Lies, damned lies, and archaeologists: antiquities trafficking research as criminology and the ethics of identification
Yates, D. (2014), ‘Lies, damned lies, and archaeologists: antiquities trafficking research as criminology and the ethics of identification’, AP: Arqueología Publica Special Volume 1.
By definition, our interactions with those that we consider to be ‘extra-disciplinary’ are predicated on our own self-identification as archaeologists. It isn’t news that some stakeholders react negatively to archaeologists. To them, we are not neutral, well-meaning stewards of the past, but rather a competing group that doesn’t compromise and stifles dissent by claiming a mandate on defining ‘the public good’. How can I effectively engage with such groups when my identity as an archaeologist is unforgivable? Perhaps the archaeologist must leave archaeology.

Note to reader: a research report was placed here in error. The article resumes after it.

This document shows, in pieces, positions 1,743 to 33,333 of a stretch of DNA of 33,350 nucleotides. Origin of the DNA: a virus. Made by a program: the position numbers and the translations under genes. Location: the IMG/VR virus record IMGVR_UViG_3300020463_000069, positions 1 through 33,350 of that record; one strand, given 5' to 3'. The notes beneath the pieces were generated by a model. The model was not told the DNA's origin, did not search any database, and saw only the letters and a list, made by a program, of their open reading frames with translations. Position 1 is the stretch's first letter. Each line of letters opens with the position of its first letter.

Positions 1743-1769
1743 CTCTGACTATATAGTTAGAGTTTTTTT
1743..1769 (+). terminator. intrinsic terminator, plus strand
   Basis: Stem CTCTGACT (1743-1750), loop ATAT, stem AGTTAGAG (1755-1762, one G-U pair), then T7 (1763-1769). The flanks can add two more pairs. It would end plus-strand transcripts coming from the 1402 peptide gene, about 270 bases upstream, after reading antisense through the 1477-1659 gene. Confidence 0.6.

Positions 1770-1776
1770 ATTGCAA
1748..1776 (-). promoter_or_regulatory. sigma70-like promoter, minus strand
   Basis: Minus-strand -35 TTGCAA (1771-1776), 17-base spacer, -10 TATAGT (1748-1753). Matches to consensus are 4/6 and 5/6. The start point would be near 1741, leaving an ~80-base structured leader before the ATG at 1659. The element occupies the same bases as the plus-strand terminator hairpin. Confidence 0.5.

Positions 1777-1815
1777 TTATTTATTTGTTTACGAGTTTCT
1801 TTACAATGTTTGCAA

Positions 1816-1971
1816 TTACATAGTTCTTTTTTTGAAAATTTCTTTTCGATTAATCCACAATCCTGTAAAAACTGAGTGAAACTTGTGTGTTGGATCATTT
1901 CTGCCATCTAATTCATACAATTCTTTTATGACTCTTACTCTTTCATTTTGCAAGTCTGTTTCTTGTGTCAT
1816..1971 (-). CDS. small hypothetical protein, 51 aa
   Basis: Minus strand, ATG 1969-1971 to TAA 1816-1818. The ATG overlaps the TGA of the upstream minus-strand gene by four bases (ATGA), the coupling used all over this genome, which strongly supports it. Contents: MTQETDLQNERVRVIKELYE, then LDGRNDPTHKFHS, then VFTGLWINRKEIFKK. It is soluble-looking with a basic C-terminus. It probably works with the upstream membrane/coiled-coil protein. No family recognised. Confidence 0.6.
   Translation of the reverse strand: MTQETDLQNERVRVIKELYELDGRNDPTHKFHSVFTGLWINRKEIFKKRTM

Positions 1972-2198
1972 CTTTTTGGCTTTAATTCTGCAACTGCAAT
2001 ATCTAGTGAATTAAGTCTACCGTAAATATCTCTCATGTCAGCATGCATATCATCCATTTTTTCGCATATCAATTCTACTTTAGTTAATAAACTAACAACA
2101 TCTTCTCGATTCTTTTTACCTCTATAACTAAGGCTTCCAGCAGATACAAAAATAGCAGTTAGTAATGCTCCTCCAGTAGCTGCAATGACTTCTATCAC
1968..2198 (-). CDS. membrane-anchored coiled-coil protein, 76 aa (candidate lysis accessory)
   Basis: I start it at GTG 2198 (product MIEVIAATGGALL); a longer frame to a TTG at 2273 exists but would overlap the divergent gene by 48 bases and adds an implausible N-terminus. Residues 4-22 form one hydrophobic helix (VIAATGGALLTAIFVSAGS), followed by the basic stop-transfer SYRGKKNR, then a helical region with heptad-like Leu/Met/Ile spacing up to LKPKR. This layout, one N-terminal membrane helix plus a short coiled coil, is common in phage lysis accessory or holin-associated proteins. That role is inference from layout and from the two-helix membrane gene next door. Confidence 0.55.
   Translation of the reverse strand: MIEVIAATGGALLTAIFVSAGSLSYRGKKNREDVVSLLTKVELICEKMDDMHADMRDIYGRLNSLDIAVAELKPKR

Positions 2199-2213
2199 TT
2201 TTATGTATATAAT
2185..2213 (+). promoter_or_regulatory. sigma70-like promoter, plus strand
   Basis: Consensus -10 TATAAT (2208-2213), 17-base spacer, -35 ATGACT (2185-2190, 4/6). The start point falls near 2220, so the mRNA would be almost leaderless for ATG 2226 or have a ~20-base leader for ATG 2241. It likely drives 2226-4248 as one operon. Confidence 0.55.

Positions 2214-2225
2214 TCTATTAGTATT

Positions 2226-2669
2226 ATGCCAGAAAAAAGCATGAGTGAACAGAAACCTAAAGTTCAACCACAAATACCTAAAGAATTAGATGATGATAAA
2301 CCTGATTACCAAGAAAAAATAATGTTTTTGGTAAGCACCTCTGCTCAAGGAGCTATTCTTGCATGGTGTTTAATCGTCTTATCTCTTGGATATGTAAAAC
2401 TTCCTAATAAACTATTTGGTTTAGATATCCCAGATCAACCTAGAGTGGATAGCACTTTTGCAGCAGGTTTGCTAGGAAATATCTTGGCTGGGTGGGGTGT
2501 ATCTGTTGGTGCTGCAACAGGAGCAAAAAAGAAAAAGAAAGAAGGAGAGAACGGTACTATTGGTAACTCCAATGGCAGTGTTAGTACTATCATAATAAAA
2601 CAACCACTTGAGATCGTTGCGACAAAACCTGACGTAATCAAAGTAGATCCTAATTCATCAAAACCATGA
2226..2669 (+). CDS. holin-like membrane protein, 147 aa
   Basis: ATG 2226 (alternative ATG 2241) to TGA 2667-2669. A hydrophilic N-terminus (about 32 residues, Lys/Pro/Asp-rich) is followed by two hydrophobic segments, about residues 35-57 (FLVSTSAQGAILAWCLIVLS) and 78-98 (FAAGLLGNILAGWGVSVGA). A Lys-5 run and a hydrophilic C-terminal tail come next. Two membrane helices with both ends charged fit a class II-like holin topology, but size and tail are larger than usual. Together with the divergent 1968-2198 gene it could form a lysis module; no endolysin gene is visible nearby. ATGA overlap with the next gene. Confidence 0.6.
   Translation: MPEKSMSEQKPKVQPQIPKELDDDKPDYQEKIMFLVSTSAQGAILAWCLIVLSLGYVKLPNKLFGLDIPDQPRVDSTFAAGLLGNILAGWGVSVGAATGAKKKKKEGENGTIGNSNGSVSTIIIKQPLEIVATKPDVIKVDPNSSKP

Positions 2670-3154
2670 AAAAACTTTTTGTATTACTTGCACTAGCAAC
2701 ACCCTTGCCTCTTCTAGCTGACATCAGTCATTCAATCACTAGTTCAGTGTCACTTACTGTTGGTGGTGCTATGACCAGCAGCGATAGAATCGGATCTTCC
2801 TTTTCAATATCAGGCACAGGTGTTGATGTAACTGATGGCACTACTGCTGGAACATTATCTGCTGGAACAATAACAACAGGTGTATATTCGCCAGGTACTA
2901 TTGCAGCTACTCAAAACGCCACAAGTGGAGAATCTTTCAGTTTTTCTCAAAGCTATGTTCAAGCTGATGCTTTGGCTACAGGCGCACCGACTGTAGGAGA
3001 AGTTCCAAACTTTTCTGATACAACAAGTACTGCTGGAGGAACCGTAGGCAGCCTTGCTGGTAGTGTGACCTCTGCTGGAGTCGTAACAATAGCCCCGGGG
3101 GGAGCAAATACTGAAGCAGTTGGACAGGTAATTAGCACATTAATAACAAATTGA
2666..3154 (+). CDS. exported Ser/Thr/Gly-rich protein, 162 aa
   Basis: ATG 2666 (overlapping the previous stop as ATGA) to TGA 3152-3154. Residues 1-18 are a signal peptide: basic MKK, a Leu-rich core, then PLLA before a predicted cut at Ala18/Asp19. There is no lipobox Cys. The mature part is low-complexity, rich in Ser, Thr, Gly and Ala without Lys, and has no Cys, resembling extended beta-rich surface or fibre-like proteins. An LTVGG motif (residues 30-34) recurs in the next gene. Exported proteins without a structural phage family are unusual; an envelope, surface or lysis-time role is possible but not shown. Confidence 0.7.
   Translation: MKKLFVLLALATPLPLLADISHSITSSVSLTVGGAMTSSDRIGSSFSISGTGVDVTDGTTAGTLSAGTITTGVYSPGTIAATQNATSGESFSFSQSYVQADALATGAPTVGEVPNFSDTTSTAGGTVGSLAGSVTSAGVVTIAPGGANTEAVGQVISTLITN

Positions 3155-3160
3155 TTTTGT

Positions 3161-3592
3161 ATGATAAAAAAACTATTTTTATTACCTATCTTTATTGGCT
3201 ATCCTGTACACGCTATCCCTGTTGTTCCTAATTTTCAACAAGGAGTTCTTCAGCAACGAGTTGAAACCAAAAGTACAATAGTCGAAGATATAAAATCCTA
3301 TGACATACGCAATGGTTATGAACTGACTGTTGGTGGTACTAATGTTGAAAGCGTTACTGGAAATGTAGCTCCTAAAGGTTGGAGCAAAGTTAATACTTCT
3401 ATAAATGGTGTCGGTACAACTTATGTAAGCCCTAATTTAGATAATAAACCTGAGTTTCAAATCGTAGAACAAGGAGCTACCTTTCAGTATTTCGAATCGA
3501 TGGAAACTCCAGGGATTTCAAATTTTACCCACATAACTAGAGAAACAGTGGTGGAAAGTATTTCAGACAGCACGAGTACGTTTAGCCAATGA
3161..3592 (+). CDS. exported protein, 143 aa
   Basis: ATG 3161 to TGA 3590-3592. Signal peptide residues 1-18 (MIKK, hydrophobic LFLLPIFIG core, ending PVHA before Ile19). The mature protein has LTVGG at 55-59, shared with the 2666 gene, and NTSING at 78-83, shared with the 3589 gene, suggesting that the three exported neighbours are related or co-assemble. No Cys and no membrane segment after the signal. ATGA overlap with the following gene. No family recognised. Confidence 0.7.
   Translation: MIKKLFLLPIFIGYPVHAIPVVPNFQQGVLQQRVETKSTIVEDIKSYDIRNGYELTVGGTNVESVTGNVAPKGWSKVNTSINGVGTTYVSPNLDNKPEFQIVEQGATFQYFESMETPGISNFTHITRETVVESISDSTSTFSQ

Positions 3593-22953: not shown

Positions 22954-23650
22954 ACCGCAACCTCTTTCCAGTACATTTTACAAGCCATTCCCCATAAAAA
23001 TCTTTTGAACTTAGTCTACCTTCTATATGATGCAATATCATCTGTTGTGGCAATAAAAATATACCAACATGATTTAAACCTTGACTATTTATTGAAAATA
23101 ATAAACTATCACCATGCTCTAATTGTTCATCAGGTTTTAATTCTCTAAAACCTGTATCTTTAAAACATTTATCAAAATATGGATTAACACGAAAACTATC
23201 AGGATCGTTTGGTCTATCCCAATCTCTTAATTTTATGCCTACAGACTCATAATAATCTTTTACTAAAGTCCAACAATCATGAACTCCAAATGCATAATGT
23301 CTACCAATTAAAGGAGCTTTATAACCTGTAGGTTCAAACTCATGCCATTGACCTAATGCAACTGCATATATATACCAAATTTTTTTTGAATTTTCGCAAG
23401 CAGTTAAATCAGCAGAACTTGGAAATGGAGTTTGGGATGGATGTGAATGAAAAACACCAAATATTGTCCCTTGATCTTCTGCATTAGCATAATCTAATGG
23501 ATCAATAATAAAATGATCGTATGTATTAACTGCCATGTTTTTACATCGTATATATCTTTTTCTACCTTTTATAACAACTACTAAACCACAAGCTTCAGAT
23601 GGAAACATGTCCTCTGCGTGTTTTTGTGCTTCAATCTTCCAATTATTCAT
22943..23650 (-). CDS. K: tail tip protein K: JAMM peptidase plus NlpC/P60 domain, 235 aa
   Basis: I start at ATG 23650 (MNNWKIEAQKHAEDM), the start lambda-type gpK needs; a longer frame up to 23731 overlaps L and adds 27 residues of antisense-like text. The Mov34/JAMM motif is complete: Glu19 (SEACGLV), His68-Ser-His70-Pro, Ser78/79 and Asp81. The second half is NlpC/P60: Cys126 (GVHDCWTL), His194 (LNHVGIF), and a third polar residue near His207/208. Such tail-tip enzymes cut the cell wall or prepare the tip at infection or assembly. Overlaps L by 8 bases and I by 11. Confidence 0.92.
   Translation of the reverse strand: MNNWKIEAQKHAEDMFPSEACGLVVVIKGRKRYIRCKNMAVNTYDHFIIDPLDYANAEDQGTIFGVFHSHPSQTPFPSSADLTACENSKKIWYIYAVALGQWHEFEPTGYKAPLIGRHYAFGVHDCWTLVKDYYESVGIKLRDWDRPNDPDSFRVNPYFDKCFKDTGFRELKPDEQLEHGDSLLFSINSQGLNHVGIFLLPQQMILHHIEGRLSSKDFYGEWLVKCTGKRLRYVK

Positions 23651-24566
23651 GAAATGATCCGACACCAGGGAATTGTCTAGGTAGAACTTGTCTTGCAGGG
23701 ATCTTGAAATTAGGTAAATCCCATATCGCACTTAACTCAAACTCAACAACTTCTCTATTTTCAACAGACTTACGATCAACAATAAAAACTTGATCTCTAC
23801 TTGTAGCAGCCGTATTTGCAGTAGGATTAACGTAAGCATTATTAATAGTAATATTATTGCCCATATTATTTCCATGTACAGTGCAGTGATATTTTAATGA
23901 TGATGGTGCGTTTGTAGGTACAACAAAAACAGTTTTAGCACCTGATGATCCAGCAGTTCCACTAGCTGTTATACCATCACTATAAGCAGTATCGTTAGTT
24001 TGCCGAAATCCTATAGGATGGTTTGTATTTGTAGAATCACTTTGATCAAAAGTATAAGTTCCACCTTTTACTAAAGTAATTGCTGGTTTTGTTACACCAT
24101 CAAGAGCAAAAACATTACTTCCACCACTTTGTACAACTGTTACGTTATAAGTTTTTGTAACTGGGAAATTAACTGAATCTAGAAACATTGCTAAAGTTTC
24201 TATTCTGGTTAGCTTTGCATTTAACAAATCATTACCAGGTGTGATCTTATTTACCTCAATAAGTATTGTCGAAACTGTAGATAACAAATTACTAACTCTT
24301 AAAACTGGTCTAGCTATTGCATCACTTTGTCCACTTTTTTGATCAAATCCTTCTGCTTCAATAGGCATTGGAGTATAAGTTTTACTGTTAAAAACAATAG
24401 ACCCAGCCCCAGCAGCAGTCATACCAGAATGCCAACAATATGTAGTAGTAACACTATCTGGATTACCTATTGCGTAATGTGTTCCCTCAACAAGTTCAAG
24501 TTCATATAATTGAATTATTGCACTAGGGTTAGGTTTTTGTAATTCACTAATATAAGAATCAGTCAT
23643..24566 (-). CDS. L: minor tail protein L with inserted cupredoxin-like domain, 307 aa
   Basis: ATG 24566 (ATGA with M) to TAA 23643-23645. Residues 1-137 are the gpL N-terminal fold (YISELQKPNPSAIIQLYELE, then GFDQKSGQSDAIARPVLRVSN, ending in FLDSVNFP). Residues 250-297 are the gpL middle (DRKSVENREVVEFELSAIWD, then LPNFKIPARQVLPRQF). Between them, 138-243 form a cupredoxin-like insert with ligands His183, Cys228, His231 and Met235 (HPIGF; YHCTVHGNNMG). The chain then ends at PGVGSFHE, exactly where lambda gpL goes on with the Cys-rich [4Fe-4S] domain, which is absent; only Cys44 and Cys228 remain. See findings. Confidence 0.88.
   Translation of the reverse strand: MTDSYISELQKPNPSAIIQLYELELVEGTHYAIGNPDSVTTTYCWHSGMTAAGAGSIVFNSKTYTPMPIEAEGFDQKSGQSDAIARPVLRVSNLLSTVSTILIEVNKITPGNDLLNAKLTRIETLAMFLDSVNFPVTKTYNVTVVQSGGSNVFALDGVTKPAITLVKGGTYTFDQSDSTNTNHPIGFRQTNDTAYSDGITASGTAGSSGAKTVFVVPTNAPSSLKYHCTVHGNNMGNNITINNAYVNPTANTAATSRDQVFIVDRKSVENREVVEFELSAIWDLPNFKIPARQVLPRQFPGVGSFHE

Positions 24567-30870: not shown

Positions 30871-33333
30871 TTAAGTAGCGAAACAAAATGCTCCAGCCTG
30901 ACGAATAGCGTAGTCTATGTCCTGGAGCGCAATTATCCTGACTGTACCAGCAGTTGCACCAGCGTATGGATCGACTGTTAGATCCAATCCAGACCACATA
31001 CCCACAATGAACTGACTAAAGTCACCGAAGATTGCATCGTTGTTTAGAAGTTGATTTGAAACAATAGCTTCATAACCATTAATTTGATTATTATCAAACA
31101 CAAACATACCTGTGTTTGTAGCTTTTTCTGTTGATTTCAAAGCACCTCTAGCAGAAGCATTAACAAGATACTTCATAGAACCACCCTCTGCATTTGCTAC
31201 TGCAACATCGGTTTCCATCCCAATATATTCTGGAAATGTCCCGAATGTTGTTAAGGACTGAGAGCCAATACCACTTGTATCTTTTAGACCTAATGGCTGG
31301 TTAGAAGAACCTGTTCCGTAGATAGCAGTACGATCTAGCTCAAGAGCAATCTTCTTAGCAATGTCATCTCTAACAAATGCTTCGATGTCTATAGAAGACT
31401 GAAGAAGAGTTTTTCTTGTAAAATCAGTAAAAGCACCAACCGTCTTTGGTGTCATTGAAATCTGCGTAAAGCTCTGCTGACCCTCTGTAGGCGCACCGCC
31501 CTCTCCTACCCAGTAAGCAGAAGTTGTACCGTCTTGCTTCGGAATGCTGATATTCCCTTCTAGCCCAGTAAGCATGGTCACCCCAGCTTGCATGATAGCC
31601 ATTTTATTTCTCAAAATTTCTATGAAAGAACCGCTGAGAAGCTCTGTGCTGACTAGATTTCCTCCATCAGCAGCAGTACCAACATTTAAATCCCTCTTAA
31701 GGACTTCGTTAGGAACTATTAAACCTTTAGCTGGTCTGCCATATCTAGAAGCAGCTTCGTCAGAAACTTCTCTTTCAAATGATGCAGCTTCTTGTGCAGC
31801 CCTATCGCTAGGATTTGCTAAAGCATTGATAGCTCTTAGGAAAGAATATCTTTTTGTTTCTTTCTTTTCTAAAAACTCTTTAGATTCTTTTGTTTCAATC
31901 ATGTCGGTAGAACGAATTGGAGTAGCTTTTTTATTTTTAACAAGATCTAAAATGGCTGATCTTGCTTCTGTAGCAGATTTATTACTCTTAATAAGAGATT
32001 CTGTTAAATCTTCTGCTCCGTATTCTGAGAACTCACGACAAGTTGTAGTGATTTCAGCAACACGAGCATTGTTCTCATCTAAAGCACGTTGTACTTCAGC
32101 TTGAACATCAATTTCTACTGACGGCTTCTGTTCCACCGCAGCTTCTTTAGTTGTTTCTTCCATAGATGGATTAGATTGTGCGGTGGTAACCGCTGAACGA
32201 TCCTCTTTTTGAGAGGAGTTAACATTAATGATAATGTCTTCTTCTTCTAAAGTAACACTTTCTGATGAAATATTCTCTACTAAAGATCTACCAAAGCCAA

This paper is about transitioning from a PhD in archaeology to a post doctoral fellowship in a criminology department. As part of the University of Glasgow’s Trafficking Culture project, I study the looting of archaeological sites and the illicit trafficking of cultural property. For half a century archaeologists have clashed with antiquities intermediaries, collectors, and dealers leaving wounds and scars on both sides. These folks will not engage with an ‘archaeologist’, but they are willing to talk to a ‘sociologist’ or even a ‘criminologist’ which is how I now present myself. This paper will focus on the ethical issues of disciplinary labelling. What are the primary benefits of presenting myself as ‘extra-archaeological’? Of not asserting archaeological expertise? Am I obliged to reveal my archaeological background? Does this change of discipline have a tangible effect on the research that I conduct? Do I protect cultural property or protect informants? Am I still an archaeologist?